Geary's C is a measure of spatial autocorrelation or an attempt to determine if adjacent observations of the same phenomenon are correlated. Spatial autocorrelation is more complex than autocorrelation because the correlation is multi-dimensional and bi-directional.
Geary's C is defined as
where is the number of spatial units indexed by and ; is the variable of interest; is the mean of ; is a matrix of spatial weights with zeroes on the diagonal (i.e., ); and is the sum of all .
The value of Geary's C lies between 0 and some unspecified value greater than 1. Values significantly lower than 1 demonstrate increasing positive spatial autocorrelation, whilst values significantly higher than 1 illustrate increasing negative spatial autocorrelation.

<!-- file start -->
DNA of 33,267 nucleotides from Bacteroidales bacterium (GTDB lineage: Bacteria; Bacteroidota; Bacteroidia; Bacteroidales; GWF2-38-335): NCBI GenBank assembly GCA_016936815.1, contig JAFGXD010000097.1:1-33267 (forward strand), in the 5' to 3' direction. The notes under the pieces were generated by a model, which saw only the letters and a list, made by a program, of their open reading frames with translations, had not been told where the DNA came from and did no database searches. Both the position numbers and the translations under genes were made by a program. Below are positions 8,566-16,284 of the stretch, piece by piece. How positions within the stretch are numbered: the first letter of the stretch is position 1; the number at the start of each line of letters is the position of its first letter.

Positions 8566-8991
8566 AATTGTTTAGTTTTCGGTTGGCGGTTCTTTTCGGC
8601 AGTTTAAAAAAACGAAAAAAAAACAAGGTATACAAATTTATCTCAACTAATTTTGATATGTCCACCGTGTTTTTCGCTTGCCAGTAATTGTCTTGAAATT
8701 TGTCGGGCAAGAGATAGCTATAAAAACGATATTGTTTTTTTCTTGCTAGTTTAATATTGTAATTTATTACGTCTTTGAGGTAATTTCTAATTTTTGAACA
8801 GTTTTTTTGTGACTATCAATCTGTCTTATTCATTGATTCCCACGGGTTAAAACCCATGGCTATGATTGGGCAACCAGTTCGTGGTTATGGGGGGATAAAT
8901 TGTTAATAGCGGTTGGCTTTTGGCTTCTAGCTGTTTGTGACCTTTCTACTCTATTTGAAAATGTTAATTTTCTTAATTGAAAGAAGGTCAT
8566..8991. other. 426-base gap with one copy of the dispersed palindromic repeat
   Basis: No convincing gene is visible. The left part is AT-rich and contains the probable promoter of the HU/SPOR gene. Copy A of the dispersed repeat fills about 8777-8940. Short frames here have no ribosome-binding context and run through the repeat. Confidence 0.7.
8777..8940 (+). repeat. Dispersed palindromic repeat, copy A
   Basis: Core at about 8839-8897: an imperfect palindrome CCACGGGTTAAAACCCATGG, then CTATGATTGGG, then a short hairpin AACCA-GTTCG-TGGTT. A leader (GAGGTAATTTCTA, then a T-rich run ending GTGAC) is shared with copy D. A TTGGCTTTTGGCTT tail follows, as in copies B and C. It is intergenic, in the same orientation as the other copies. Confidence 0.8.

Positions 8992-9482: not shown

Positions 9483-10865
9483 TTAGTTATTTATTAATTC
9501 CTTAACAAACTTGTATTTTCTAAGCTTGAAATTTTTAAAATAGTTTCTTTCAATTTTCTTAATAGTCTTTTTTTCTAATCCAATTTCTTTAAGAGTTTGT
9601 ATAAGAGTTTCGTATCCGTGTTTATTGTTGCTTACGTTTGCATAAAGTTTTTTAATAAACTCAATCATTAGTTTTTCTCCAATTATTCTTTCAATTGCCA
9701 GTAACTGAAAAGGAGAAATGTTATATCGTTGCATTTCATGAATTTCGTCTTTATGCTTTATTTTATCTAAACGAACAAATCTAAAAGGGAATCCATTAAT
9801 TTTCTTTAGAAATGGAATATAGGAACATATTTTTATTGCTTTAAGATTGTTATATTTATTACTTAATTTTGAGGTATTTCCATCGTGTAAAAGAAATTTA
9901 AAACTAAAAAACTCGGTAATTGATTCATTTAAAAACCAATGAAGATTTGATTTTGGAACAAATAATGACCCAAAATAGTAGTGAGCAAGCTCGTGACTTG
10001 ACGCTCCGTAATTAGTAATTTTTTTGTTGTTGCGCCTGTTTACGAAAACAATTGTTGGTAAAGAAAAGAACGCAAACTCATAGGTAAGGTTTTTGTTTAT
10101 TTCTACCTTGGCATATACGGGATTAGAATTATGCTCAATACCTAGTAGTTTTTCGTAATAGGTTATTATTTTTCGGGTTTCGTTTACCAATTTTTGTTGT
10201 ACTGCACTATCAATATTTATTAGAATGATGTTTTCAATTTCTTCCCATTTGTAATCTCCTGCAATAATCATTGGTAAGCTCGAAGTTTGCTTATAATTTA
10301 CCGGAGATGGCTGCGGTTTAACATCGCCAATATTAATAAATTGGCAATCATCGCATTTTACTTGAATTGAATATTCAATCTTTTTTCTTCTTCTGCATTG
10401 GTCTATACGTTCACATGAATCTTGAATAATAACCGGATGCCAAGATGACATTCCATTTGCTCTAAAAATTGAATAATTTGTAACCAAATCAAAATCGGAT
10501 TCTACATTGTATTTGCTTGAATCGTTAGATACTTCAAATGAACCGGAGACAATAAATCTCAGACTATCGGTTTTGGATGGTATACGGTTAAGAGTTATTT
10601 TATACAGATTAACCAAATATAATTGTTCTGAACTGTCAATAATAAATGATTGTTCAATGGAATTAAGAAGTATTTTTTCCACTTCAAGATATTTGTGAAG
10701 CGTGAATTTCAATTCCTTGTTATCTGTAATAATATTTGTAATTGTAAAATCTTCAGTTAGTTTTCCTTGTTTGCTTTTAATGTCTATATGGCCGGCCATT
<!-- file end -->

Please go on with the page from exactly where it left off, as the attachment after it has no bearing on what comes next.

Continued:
Geary's C is inversely related to Moran's I, but it is not identical. Moran's I is a measure of global spatial autocorrelation, while Geary's C is more sensitive to local spatial autocorrelation.
Geary's C is also known as Geary's contiguity ratio or simply Geary's ratio.
- J. N. R. Jeffers (1973). "A Basic Subroutine for Geary's Contiguity Ratio". Journal of the Royal Statistical Society, Series D. Wiley. 22 (4).
- Geary, R. C. (1954). "The Contiguity Ratio and Statistical Mapping". The Incorporated Statistician. The Incorporated Statistician. 5 (3): 115–145. doi:10.2307/2986645. JSTOR 2986645.
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